Better Menu Management for WordPress
For the most part, menu management in WordPress is largely handled by the themes coded features that display links as a result of posts, pages or other types of navigable elements within your blog. As WordPress grows in its use as a CMS solution, existing menu and navigation methods become quirky and un-natural in following the true essence of a CMS solution. In order to be a true CMS, content and the navigation must not be inner-dependent and should not require even casual manipulation of your sites content structure in order to achieve the navigation structure you desire. With WordPress as either a blog or a CMS solution, navigation for any effective website must (or should) follow the principles of guided navigation and should have a URL structure that is as shallow as possible in order to be truly user friendly. Navigation links should also be able to be controlled in a way that allows for inclusion of keywords in the title, alt tags, and even an option to control which links are followed and which are not by the site manager.
With most themes being published today, methods being used are not befitting of good site navigation or design and can actually be counter productive to your objective. Many themes present the three primary issues that bloggers suffer most in regard to website and menu management; The number one problem with WordPress menus is that they are literally not easily managed, therefore the subject of this post. Subsequently WordPress Menus generally do not follow good principles of guided navigation, and last they require modification to the content structure to achieve even casual structuring. You can examine each of these three issues as we continue below.
Principles of Guided Navigation in WordPress or any CMS Solution
Guided navigation is articulated best by comparing it to good goal planning or task list practices. With any truly effective goal setting process, the goal planner will almost always start out with broader more generalized final goal or end result, and then identify the steps to be broken down into smaller more manageable tasks. One of the primary goals for any website owner should be to get the right information to their visitors as quickly and painlessly as they can. It may also be the goal to lead your client to the products and services quickly enough as to capture the lead or even the sale and in order to do so. Studies indicate that the faster you do this the more likely a person will stay on your site and the more likely they will make a decision to contact your or purchase a product. Well organized sites are not just perceived as being better, they literally are better in terms of effectiveness and user friendliness. With that in mind we can summarize the elements of Guided Navigation as being the identification of the goal, the steps or tasks in which to reach the goal and the methods you use to guide the end user through the tasks as painlessly as possible.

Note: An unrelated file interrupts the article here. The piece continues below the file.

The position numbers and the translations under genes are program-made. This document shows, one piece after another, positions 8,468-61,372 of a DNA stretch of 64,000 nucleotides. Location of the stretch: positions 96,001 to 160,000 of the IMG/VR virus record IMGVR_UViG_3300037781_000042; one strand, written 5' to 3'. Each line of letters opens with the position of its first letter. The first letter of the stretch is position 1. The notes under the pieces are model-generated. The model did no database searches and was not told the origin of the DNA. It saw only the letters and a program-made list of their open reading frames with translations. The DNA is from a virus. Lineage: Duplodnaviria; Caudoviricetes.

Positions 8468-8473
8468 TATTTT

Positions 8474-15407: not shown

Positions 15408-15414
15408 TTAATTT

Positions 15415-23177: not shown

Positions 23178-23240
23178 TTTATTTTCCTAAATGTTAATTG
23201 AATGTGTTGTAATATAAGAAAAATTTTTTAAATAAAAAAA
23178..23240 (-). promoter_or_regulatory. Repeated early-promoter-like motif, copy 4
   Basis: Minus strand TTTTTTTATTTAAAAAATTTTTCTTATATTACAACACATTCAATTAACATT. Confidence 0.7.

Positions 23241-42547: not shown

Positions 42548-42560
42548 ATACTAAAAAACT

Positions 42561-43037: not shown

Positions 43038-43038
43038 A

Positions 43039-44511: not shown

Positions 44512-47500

Goals in the case of a website are actually identified by more than just the site owner. Visitors to your site have their own objectives in visiting you and may have their own ideas as to how to find what they are seeking. Because of this, a good site manager will always keep in mind that the entry point into the site will rarely be the front page. When someone Googles a term, locates a page within your site, the point of entry will not likely be the front page. Good guided navigation suggests that if you are conscious of this, your site will at bare minimum feature general topics in the navigation that can then be narrowed down to finder points. A sort of general to specific navigation structure really does make up the ideal example of how guided navigation should work. Lets look at how many themes miss this principle.
Content Structure Limitations With Most WordPress Themes
Nearly every WordPress theme I’ve examined, has menu navigation based on categories and pages with posts being displayed in some manor of “latest” something or other. Although many WordPress themes are exceptionally fine at presenting the aesthetic appeal side of a blog or CMS, they tend to lack heavily in the management of good overall structuring of a CMS type solution. Your menu should not be dependent on the structure of your content. With many themes this is the common way of structuring both navigation and content.
Studies indicate that the more shallow your URL structure is the more likely it will be referred to others and remembered by end users.
The Best WordPress Menu Management Solution
Menu management should be simple, quick, user defined, and most important guided. In order to achieve this there is only one tool available for Guided Navigation, that fits the bill of true menu management and that is our tool the WordPress Menu Creator. The tool or plug-in as its known, is essentially a generator of sorts that renders an XHTML Unordered List of link elements that you can style and modify according to your sites design. The Menu Creator can be applied to most third party themes with little modification. What does the Menu Creator provide? This list can answer that.
- CSS / XHTML Compliant Output
- XHTML Compliant External Window Popup, not the old target=”_blank”
- Supports the use of images as menu items
- Supports additional inline wrappers such as the SPAN tag.
- Supports full drag and drop sortable functionality
- Supports three REL options; external, canonical and nofollow.
- Can be distributed free of charge with your commercial or non commercial themes.
- Has inline integrated tutorials and guides
- Can be used externally from WordPress to control menus in static HTML or even Joomla, Drupal or OpenRealty sites.
- Can support literally thousands of potential menu designs and styles.
- Supports cascading suckerfish type menus including the MooTools and jQuery configurations
- Supports Accordian Type Menus
- The list goes on and on.